Jarrell Cook

Bill to ban deductions from incomes taxes of punitive damages from litigation gets hearing

By Jarrell Cook, Associate Policy Director

Capitol Update, March 10, 2017 Share this on FacebookTweet thisEmail this to a friend


SB 66 by Senator Bob Wieckowski (D-Fremont) is scheduled for a hearing on March 22nd at 9:30am by the Senate Committee on Governance and Finance. The bill would prohibit businesses from deducting punitive damages they incur as a result of litigation from their income taxes as necessary business expenses.

In California, there is no cap on what a jury may award as punitive damages nor are there any fixed principles that guide their decision. This creates a potential loss for manufacturers facing a lawsuit that adds unnecessary uncertainty to California’s business climate. Especially when they may face multiple lawsuits – frivolous or not – that arise from the same conduct. The release valve for this pressure is the ability for businesses to deduct these damage awards as expenses and incorporate them into their operating budget.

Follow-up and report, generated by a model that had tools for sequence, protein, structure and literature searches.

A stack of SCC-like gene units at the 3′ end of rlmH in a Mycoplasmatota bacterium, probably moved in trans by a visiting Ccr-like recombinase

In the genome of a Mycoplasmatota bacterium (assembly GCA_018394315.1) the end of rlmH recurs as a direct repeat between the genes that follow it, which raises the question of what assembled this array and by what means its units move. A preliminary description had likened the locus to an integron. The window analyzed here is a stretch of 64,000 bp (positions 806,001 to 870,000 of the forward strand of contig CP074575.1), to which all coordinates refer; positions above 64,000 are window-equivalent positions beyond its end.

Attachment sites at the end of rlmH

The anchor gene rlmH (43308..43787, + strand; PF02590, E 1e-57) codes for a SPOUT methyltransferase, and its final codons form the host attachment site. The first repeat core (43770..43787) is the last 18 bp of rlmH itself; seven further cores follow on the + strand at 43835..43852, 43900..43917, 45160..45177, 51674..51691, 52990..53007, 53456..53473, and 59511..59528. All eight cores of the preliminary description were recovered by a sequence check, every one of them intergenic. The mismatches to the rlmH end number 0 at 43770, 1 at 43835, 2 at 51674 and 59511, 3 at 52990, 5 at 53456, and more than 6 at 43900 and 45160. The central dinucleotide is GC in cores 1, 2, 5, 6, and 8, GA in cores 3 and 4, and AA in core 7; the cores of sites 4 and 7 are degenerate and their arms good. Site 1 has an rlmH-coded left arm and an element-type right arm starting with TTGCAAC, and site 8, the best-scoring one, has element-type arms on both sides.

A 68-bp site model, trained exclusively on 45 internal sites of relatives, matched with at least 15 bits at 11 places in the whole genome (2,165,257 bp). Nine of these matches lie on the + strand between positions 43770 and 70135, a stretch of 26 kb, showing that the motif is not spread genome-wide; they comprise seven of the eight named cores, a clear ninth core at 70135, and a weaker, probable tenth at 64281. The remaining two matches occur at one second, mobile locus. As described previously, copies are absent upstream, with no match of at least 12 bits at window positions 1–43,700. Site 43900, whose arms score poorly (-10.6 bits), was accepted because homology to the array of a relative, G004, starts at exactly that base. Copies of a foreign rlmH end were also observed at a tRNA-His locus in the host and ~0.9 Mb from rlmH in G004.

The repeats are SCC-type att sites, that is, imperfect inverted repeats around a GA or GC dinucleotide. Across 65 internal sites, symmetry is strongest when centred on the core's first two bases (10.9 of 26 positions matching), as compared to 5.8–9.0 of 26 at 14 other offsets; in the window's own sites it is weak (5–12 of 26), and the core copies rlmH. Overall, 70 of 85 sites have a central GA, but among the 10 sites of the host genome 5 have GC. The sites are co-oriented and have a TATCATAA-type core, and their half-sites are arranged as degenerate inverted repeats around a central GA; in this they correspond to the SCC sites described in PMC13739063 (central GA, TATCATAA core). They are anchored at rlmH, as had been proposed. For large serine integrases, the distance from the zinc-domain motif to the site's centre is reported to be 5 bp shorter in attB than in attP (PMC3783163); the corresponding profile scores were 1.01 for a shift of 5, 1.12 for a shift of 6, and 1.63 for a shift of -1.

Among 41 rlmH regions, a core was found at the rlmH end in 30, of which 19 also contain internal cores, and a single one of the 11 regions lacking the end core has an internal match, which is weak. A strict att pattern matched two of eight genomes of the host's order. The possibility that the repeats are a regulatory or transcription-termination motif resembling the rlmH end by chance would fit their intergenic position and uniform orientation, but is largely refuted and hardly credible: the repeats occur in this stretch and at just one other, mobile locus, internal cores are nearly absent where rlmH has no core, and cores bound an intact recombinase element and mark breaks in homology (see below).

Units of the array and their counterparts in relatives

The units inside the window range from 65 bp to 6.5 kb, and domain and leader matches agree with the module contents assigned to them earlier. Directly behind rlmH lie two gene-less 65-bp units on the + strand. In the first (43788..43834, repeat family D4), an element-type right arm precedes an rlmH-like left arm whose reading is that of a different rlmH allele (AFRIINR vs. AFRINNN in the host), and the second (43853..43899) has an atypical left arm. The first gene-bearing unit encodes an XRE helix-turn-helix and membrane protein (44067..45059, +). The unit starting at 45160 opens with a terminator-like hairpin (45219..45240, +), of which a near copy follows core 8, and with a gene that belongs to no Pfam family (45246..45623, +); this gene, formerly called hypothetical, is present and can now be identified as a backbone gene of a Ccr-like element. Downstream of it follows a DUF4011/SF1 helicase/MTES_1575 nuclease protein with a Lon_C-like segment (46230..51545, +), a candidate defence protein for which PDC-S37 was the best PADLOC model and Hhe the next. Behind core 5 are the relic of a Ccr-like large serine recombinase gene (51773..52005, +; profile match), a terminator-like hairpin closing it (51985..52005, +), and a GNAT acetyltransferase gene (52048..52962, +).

Moreover, the scope of SB 66 includes settlements. Businesses often settle to avoid extensive and expensive litigation to control costs, not because there was a determination that they engaged in any wrongdoing. The bill creates an opening for an ever-increasing amount of fly-by lawsuits where the goal of the litigation is to pressure the company into settling quickly.

Experts in tax policy agree that these deductions are a key incentive for businesses to settle claims out of court, which is good for taxpayers and consumers. Without this safety valve, small manufacturers could find themselves in jeopardy and unable to survive the costs of an unexpected lawsuit. Such a legal climate chills investment and discourages entrepreneurship. Nobody wins when manufacturers are shutting their doors.

For more information or to discuss how this bill would affect you, please contact Jarrell Cook, Associate Policy Director for Governmental Relations, at jcook@cmta.net or by phone 916-498-3356.

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